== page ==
Researchers at the University of Edinburgh in Scotland are exploring how to spray computerized sensors into patients' chests during heart surgery, so the sensors can relay information to the hospital computer. The process could be commercially viable within ten years.
Body computers will progress from monitoring health to delivering medical care and ultimately to augmenting reality by piping the Internet directly into the brain--if people can overcome their squeamishness about brain implants. "There's a very short leap between implanting a [cochlear] device and one that lets you receive data directly from the Net," Tucker says.
Researchers are moving ahead boldly. For three months in 2002, Kevin Warwick, a cybernetics professor at the University of Reading in England, lived with electrodes implanted in his arm. In one test, he wired them to an Internet-connected PC and then temporarily attached electrodes to his wife's arm as well. Warwick described this experiment in a 2006 interview with ITWales.com: "[W]hen she moved her hand three times, I felt in my brain three pulses, and my brain recognized that my wife was communicating with me. It was the world's first purely electronic communication from brain to brain, and therefore the basis for thought communication."
Bumps in the Road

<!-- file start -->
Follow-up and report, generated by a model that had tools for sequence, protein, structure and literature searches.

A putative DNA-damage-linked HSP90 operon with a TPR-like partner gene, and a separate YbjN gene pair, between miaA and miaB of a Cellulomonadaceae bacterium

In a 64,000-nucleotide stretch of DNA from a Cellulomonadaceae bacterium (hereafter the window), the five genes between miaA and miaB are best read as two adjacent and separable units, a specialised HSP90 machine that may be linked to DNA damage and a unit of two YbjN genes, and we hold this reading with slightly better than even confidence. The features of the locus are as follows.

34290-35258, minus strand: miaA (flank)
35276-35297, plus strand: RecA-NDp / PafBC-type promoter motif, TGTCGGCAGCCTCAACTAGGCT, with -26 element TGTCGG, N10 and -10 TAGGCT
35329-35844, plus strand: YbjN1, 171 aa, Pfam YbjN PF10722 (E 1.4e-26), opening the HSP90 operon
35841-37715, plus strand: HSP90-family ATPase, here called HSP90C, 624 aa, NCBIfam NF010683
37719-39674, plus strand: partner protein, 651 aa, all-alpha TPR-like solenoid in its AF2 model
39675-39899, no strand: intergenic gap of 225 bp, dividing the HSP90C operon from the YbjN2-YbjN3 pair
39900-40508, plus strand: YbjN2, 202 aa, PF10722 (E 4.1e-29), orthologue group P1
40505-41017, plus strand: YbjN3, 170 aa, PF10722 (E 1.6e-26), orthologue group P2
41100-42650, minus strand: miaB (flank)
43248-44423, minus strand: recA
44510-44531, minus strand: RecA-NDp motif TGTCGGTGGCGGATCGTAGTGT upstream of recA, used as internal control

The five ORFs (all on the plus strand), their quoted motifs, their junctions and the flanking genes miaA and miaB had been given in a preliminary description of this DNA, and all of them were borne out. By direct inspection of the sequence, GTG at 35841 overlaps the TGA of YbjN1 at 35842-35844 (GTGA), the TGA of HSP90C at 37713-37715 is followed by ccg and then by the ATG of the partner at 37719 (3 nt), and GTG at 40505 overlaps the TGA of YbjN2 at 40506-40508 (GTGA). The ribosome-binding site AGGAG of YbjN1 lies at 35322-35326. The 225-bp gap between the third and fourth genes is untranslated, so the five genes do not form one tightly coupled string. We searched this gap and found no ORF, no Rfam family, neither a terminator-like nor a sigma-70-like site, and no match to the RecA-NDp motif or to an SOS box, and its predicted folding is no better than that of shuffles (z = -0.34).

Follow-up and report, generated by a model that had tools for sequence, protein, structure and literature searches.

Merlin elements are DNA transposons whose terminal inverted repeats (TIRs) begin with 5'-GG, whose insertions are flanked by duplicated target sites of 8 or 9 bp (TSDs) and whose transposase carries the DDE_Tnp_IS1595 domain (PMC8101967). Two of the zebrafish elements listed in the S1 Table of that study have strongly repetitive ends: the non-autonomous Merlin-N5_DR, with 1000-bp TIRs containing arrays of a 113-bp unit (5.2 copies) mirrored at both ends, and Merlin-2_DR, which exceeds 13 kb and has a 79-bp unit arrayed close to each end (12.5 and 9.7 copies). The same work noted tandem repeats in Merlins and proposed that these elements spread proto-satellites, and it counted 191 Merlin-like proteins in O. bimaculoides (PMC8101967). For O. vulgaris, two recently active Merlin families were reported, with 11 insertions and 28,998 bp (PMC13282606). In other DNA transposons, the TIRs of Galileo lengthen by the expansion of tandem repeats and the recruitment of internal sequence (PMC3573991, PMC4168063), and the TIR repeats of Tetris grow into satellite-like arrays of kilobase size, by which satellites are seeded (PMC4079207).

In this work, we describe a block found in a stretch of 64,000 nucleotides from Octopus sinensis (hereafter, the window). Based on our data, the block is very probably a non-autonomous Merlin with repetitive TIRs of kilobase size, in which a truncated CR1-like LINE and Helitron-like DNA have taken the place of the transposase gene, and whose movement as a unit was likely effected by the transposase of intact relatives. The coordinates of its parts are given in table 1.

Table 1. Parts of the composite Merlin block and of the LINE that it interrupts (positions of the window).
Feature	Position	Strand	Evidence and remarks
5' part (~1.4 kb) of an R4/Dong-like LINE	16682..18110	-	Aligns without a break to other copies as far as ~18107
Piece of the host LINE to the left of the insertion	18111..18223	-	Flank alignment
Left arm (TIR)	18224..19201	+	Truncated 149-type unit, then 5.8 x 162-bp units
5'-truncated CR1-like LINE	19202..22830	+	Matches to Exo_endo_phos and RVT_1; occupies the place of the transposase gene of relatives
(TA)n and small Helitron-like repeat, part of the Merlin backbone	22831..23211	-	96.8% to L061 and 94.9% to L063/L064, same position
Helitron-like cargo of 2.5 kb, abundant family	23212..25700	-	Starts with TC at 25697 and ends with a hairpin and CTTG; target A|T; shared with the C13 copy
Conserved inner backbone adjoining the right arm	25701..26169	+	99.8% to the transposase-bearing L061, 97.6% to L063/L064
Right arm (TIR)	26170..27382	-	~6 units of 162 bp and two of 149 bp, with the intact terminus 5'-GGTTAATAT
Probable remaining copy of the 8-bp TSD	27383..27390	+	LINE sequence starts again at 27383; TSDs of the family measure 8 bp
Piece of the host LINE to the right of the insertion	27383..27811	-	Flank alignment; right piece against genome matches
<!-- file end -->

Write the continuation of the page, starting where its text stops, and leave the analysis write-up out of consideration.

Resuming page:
But before we wire our bodies, we need a far more secure network than today's Internet and better privacy safeguards for the petabytes of consumer data that an always-connected world will generate, says Pradeep Khosla, codirector of CyLab, Carnegie-Mellon University's computer security think tank.
Ari Juels, chief scientist for data security company RSA, says that biometrics and encryption will help with access security; but trouble may still arise when data reaches users' screens. Context-smart back-end systems will help. "They'll know that, if you are in San Francisco right now, someone in Thailand shouldn't be using your credit card number," Juels explains.
Khosla says that a combination of technology, education, and tough legislation against "the abuse and misuse of information" is the best way to surmount the privacy hurdles that remain. "I don't think we're quite there yet," he adds.